‘Gina Kaminski is here to tell you three facts.
1. Little Red Riding Hood is full of BIG mistakes.
2. She is off to fairy tale land to fix them.
3. She WILL save the wolf.
Who’s afraid of the big bad wolf? Certainly not Gina as she takes the narrative lead and tells the story in her own distinctive way. With fantastic illustrations from Francis Martin, and an innovative use of pictorial emoji language, this is the ideal book to empower every child to be the hero of their own story.’From the blurb of Gina Kaminski Saves the Woolf by Craig Barr Green
Enter Francis Martin. What a talent! An artist and musician who lives out in the wilds of Pendle Witch Country and the absolute perfect match. I had images in the landscape of my mind, but his artwork was from another planet! In a good way. Nothing at all like what I was expecting. And that’s the joy. He totally ‘got’ my character. He captured Gina’s joy, and anger, and worry and curiosity. Francis and Gina both carry the same whiff of rebellion! With great skill and sensitivity, Francis tuned into storytelling elements I had missed. He not only enhanced the story, he helped it evolve. It reminds me of some very wise words from the very wise Alan Ahlberg on the relationship between words and images in picture books: ‘You don’t have to tell the story in the words. You can come out of the words and into the pictures and you get this nice kind of antiphonal fugue effect.’ Francis Martin created this antiphonal fugue effect.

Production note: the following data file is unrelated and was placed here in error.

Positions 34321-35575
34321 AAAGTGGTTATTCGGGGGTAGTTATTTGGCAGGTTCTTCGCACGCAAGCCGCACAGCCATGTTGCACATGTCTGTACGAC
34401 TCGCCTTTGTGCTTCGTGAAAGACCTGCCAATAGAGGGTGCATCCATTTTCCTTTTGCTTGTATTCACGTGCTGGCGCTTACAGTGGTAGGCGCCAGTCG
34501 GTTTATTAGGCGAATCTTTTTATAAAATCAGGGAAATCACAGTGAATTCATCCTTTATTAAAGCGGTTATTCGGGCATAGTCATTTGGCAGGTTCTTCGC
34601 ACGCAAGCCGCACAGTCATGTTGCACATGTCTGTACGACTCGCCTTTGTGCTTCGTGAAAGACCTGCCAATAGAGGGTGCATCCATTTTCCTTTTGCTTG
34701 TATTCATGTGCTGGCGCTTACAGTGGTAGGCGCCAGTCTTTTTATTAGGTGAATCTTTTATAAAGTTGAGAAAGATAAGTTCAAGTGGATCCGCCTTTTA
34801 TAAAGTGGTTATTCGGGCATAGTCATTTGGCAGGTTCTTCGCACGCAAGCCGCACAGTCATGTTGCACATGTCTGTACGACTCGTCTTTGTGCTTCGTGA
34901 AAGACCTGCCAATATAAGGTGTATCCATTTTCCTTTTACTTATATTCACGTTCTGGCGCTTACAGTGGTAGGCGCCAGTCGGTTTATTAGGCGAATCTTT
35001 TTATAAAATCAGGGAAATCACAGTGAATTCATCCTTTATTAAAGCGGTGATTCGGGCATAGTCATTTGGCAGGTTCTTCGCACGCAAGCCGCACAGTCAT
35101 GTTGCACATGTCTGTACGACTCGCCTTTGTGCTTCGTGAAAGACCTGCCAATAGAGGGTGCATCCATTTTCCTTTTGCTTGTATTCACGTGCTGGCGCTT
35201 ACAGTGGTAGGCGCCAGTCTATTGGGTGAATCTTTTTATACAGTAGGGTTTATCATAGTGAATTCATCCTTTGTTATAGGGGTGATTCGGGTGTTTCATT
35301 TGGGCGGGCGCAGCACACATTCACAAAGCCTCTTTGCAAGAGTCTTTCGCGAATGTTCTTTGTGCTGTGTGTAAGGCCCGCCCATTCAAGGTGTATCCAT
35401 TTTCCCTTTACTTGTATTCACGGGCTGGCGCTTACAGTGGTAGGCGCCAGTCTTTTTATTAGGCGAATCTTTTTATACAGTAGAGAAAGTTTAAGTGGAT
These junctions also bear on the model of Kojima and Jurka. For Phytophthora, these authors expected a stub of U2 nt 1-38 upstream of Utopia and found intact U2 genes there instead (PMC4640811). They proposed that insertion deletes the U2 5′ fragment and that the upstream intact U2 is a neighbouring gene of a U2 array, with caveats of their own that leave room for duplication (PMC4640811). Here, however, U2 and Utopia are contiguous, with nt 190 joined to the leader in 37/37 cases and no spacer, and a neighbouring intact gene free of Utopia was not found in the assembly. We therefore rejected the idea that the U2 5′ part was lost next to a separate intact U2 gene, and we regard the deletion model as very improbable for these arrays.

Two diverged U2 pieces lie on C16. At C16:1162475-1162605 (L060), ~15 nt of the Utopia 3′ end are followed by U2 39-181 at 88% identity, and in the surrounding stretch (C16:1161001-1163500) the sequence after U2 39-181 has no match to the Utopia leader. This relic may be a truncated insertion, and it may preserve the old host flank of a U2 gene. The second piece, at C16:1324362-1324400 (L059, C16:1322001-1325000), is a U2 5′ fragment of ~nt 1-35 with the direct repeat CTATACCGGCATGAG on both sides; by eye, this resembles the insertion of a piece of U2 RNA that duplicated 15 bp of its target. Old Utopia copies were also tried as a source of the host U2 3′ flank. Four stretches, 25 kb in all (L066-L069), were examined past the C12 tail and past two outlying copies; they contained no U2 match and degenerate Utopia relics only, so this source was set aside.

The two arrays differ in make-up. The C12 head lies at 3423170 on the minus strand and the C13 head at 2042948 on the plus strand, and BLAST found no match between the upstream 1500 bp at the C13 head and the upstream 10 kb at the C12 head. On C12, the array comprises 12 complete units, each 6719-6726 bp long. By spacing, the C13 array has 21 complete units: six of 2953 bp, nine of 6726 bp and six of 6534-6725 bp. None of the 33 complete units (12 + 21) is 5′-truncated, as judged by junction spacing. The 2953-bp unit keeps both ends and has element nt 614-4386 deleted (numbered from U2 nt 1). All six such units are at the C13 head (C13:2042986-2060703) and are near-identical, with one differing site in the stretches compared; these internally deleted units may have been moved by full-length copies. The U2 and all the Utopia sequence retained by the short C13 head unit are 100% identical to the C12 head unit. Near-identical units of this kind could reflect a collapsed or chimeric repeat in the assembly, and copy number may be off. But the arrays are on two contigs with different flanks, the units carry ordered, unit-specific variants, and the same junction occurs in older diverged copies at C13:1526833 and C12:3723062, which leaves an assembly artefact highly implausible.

Of course, not every author illustrator relationship begins so smoothly. In a Guardian article, Michael Rosen (hero) and Helen Oxenbury (hero) spoke about the creative process behind the peerless, timeless classic We’re Going on a Bear Hunt. Rosen recalls the moment Oxenbury’s first illustrations were unveiled. ‘The editors peeled back the sheets, and I was stunned. First, they were such beautiful pictures. Second, I couldn’t figure out what they had to do with a bear hunt.’ Oxenbury remarked that ‘Michael had said he envisioned it as a king and queen and jester setting off to hunt a bear, but I immediately saw it as a group of children.’ Rosen was wrong footed and taken aback. ‘The editors said this was one of the most amazing books they had ever seen. And I confess, I didn’t get it.’ However, there is a happy ending for everyone involved, including every child and adult who has ever had the pleasure of experiencing this wonderful book. Rosen concluded, ‘[W]hat brilliant, clever Helen and the editors “got” and had created is that special thing that pictures books can do – which is to narrate different stories in print and in pictures.’ The rest is history.
There is a magic in picture books that comes from relationships: between text and image, between author and illustrator, and between the editorial team and the creative. These tensions, and this well of talent and enterprise fuse into something utterly unique, and utterly itself. Handing over your story to other people feels like a leap of faith, but it’s a leap that’s so richly rewarded. Thank you, illustrators!